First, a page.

All These Things

IMG_1042IMG_1043This is the story of a search for morel mushrooms.IMG_1055 Twice I went looking…IMG_0883Twice I returned empty-handed.IMG_1052But, in process of closely examining large stretches of forest floor in vain, I did make a lot of other wonderful discoveries.IMG_0880 Once, I sat quietly staring into a stand of fiddleheads so long, a grouse thought I’d left and started drumming his log within ten feet of me.  For just a minute, I thought my heart was palpitating—until I realized that he was really just that close.  Then he exploded suddenly off into the woods when I tried to shift to a spot with a better view, which is, incidentally, when my heart rate did increase.IMG_0891I nearly stepped on the elaborate den of some creature (I’d like to imagine it a fox den, but it more likely belongs to far less charming skunks), and happened upon a wolf track, perfectly dried and preserved in last week’s mud.IMG_0886-01 IMG_1039  I chanced upon a place where jack-in-the-pulpits preached in a woodland meadow to spears of blue flag leaves…IMG_1048…and another where the wild plums were wreathed in clouds of frilly white.IMG_0978I didn’t find what I was looking for—but I did find so much more.

The search for the elusive edible delicacies of the forest will continue.  One day, I’ll find what I’m actually looking for—and we’ll fry them up in butter and eat them—but even after that it will continue, because then they’ll be gone and we’ll want more. It’s one of those kind of searches, never ending, always new, always exciting.  The desire is insatiable.  If you don’t like morel mushrooms, I’m sorry that you won’t be able to identify with this, but if you do, you know what I mean.

And along the way, the search is always guaranteed to be fruitful.

Because, see, regardless of whether I came home with mushrooms or not, I did come home with my head and camera full of spring’s splendor flung glorious across the forest.  (Such riches!)  And I did find information to help me with future searches.  (Now I know where they’re not, sigh.)

It reminded me, in a happy, unexpected sort of way, of another ongoing search I’ve been challenged to, one in which I continually search for one thing of great value and end up with so much more along the way.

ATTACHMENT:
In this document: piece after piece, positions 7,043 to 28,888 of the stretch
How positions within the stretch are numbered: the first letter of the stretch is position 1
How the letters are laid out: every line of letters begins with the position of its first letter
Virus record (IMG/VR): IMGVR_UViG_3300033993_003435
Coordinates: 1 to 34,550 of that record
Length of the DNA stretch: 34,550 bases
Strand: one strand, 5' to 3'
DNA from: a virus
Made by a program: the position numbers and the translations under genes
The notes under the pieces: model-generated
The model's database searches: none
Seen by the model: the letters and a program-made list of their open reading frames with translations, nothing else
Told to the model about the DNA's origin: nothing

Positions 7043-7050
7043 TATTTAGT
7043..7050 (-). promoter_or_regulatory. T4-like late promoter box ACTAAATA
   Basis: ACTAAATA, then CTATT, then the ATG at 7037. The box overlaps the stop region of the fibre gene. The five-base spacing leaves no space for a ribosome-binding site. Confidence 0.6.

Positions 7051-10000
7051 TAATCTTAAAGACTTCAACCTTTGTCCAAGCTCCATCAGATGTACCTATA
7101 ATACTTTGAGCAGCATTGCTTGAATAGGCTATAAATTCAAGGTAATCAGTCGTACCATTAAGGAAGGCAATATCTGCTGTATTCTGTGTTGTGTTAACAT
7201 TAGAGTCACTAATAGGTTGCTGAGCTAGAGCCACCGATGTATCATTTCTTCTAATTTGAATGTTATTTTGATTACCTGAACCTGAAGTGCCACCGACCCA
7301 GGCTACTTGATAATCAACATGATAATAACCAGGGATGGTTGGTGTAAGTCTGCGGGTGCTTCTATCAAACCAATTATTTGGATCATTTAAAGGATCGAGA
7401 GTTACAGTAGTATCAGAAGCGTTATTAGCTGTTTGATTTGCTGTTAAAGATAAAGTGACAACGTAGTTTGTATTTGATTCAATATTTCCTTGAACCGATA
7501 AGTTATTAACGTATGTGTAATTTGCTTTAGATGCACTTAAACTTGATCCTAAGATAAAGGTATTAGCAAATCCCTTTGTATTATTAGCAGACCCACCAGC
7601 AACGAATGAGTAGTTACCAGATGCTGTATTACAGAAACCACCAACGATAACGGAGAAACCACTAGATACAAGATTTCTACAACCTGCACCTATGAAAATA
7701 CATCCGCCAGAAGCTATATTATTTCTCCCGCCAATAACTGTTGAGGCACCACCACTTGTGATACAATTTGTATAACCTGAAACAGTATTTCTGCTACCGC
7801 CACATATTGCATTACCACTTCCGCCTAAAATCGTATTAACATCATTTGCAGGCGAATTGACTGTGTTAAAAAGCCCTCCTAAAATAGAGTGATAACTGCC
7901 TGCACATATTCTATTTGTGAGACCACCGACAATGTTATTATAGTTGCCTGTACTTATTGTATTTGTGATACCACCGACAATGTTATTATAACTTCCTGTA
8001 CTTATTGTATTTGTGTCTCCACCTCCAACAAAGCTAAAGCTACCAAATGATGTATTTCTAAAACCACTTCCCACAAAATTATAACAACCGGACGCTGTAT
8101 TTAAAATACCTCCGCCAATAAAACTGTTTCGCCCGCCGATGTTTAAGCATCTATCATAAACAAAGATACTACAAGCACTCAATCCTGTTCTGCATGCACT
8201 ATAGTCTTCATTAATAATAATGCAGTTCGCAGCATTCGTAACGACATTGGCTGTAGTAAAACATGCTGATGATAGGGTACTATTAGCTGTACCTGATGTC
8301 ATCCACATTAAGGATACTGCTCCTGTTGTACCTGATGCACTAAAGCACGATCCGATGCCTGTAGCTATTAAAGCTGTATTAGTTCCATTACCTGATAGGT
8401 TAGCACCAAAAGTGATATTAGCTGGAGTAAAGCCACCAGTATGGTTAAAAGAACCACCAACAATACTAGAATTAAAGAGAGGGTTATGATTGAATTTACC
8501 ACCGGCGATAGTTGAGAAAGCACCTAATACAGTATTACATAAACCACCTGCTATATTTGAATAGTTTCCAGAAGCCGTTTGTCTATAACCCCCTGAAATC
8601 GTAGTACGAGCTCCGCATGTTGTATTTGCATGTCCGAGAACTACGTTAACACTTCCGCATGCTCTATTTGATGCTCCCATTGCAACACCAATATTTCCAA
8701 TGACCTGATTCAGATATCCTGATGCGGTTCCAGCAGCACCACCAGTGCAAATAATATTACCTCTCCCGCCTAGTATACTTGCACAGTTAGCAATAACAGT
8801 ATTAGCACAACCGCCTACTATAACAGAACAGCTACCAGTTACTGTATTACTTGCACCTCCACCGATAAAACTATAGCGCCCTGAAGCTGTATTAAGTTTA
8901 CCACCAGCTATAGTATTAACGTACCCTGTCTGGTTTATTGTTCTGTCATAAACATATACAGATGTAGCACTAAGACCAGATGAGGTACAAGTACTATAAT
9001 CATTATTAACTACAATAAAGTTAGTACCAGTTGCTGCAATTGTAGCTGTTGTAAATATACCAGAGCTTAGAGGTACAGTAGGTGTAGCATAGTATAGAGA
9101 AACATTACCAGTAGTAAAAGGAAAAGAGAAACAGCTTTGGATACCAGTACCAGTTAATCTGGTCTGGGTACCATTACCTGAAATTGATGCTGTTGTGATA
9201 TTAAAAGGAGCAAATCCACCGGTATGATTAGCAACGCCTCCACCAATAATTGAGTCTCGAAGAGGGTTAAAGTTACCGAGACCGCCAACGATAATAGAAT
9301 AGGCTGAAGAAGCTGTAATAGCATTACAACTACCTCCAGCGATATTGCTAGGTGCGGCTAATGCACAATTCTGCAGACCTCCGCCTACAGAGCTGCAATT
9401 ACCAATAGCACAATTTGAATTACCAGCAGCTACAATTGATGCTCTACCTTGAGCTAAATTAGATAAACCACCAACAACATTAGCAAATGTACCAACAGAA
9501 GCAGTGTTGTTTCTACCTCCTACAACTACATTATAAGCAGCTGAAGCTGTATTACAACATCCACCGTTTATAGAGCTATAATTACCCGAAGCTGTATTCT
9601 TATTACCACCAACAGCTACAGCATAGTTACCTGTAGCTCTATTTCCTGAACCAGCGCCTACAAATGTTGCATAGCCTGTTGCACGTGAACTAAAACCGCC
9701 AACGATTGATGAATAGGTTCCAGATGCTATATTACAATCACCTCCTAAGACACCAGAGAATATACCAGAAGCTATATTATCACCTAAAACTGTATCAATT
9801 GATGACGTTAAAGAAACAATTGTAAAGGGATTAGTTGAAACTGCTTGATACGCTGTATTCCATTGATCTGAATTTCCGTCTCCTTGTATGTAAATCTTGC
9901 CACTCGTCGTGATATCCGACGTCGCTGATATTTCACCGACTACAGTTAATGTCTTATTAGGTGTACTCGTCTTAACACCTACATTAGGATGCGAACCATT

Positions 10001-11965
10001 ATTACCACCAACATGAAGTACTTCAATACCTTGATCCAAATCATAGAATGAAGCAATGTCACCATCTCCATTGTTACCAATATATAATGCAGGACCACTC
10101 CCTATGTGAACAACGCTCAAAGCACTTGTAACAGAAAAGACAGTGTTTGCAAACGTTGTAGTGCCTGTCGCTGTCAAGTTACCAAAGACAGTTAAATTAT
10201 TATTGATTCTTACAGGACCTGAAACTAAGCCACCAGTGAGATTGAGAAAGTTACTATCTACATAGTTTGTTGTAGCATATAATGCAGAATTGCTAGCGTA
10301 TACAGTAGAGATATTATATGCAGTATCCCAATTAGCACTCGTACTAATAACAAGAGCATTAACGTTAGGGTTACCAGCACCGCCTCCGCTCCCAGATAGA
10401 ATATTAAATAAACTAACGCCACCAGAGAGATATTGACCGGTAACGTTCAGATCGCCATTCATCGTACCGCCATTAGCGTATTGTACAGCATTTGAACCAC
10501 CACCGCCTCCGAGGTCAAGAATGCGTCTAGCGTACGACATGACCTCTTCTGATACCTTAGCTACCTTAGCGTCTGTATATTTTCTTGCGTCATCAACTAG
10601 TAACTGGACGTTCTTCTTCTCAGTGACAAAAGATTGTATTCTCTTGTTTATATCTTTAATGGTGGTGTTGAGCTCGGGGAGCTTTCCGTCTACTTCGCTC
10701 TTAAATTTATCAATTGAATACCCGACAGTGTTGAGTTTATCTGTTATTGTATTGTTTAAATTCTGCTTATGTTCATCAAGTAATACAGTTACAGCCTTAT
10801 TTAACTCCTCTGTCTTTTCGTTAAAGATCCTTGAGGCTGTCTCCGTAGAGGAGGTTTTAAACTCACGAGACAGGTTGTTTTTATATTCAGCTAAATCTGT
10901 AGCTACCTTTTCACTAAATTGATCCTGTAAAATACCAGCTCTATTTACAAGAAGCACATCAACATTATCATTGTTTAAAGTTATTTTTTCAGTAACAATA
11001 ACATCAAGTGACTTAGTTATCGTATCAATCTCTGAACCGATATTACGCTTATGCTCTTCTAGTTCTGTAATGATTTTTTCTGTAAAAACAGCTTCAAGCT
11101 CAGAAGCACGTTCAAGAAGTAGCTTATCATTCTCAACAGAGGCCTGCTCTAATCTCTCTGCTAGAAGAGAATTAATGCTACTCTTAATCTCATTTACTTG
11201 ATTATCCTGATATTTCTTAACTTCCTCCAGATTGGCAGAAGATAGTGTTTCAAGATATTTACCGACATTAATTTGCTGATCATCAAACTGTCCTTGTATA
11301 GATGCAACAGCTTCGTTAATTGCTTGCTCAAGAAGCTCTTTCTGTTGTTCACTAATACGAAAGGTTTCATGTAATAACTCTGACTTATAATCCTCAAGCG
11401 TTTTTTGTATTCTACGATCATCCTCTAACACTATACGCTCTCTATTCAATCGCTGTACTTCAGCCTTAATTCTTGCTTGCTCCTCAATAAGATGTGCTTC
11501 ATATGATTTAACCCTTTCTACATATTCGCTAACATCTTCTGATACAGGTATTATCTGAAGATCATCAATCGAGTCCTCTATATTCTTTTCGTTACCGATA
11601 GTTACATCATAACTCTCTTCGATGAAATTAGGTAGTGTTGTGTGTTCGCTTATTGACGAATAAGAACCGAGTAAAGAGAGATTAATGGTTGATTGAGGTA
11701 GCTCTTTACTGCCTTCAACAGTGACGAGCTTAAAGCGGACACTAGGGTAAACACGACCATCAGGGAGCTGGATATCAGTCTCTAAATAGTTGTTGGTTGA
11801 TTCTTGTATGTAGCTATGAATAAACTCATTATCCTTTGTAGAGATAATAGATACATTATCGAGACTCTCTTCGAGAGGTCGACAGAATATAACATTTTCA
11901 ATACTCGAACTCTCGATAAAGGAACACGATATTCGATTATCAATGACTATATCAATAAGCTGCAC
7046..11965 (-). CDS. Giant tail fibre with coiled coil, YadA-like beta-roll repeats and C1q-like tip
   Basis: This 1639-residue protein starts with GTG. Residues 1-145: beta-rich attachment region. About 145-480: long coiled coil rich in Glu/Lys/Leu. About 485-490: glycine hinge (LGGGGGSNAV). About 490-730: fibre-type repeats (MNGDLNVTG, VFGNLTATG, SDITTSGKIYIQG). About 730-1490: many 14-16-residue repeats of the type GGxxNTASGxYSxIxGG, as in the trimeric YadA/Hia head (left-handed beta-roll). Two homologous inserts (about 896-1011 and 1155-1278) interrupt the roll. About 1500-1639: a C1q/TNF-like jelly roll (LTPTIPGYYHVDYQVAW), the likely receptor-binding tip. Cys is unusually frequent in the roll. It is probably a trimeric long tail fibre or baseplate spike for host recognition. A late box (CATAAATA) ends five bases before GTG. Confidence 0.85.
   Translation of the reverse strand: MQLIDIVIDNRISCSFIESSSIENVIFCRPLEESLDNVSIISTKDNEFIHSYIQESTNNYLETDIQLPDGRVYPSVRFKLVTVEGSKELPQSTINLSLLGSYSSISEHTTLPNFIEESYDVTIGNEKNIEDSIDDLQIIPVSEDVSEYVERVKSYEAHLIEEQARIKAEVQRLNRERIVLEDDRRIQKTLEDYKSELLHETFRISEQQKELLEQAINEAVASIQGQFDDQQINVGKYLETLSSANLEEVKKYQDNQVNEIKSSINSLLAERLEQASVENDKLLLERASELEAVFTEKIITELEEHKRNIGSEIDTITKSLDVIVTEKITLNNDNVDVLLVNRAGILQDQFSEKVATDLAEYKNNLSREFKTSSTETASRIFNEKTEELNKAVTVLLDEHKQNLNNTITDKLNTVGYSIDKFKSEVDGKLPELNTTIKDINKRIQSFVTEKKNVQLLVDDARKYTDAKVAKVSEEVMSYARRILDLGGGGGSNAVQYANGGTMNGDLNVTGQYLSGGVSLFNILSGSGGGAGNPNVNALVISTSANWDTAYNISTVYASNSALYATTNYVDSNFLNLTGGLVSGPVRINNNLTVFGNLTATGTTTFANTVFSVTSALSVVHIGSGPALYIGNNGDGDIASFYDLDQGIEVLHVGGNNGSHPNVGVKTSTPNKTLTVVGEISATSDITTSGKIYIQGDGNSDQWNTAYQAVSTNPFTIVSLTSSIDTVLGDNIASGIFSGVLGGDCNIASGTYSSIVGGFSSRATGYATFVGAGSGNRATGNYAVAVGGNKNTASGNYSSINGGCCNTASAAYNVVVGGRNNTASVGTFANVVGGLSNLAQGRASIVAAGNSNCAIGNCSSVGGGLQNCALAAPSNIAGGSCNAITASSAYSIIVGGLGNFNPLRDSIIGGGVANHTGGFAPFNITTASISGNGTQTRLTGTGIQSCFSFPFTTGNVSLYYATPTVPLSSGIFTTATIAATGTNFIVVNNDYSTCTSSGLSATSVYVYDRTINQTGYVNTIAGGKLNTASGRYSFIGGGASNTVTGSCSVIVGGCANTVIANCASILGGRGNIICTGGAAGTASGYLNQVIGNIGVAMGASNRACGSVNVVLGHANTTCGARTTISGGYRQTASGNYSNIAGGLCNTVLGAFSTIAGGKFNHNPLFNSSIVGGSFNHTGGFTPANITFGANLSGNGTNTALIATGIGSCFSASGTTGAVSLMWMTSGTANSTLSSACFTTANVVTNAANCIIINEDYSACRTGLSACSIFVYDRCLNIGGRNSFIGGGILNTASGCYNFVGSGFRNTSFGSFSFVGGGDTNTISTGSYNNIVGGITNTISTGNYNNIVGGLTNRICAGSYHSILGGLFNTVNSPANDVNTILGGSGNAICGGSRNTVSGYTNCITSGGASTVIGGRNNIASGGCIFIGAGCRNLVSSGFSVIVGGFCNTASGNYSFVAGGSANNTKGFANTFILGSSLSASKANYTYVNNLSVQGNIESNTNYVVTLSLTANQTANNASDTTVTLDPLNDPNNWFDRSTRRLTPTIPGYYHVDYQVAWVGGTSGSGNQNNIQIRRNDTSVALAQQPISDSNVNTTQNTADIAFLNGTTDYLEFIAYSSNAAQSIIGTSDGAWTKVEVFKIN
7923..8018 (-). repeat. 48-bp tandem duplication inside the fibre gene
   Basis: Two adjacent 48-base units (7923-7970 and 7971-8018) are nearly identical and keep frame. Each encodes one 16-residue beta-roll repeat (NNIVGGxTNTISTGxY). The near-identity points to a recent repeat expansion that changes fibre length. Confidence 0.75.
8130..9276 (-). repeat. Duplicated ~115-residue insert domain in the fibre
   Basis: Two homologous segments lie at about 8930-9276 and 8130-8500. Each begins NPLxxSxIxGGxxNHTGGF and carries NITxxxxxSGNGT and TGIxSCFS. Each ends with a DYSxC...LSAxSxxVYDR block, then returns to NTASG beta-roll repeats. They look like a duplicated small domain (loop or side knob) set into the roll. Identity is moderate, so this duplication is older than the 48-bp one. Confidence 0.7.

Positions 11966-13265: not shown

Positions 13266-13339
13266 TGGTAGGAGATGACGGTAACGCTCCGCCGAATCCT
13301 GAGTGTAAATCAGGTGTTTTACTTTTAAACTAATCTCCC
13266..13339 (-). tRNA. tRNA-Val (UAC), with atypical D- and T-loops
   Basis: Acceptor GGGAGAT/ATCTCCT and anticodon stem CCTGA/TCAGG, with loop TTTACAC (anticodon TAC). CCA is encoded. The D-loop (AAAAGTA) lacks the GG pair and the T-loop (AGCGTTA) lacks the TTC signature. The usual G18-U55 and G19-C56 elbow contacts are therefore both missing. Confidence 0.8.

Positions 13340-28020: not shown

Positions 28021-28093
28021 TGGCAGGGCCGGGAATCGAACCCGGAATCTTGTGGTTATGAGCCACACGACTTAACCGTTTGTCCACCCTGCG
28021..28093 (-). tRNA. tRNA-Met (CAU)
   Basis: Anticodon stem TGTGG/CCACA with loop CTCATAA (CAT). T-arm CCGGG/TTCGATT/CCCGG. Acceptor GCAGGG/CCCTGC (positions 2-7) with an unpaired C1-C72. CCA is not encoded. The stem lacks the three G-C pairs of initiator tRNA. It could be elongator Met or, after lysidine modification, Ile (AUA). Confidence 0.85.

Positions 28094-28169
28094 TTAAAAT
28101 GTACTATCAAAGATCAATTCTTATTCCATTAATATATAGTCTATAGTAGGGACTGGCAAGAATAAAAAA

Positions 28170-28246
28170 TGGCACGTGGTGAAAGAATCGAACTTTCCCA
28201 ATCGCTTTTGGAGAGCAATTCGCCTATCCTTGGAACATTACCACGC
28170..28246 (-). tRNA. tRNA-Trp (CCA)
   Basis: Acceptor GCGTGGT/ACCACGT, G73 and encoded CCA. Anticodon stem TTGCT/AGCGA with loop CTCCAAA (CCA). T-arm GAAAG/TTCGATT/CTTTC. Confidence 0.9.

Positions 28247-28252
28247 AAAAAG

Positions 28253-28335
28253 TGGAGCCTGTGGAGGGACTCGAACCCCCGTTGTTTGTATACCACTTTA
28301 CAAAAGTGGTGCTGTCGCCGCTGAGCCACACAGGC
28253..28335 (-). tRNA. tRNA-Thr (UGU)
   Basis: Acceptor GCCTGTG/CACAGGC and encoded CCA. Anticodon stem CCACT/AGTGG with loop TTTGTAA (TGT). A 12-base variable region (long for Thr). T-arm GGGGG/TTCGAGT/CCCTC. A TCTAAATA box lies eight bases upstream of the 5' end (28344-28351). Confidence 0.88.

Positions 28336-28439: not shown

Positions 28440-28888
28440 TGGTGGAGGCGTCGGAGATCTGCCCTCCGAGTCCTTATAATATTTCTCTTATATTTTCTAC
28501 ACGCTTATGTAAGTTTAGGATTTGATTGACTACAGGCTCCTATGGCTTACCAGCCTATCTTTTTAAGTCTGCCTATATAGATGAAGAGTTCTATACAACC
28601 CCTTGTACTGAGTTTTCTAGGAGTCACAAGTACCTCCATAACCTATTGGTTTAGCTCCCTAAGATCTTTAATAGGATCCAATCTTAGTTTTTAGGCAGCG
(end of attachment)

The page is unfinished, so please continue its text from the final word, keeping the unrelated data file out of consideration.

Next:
“But seek ye first the kingdom of God, and his righteousness; and all these things shall be added unto you.” (Matthew 6:33)

 

 

 

Save

Emerging

IMG_3594It’s the best part of spring, that brief period of time when life begins to reemerge from the bare branches and brown earth.  The world is exploding almost visibly with life, and I hardly dare blink lest I miss something.  Everywhere I look there are buds bursting open, leaves unfolding, new scenes unfolding and an unending number of discoveries to make.

Across the lake, that first cloudy mist of soft green is enveloping the poplars, contrasted stunningly against the deep evergreen of the pines.

There are the gardens to examine, where I eagerly check to see if my plants survived yet one more winter, greeting the ones who do like long-lost friends.  The ones who were just planted last year and have just passed the big test of surviving their very first Minnesota winter create the most excitement.  Sometimes, I’m disappointed (never mind, foxgloves, we’ll try again); other times I’m pleasantly surprised (hello, strawberries!).IMG_0518Then, there are the woodsy pilgrimages to make, traditions dating to my childhood, like going in search of the dainty lavender and white hepaticas that are so absolutely quintessential of a Minnesota spring.IMG_0743IMG_0741And, if I’m paying attention and watching my step as I go, there is almost always something new to discover.  Something unexpected, like the strange forms of emerging horsetail at the edge of a gravel country road.  Or a pair of sandhill cranes, flapping their half-graceful, half-ungainly way out of the maze of last year’s cornstalks.  Or a fisher bounding across a lonely, narrow, backwoods road, stopping just long enough to glance back at us curiously.IMG_0494Beauty in the expected and familiar; beauty in the unexpected and unfamiliar.  Truly,

“He has made everything beautiful in its time. He has also set eternity in the human heart; yet no one can fathom what God has done from beginning to end.” (Ecclesiastes 3:11)

But I must say that I think this may be especially true in the spring.

Save

Save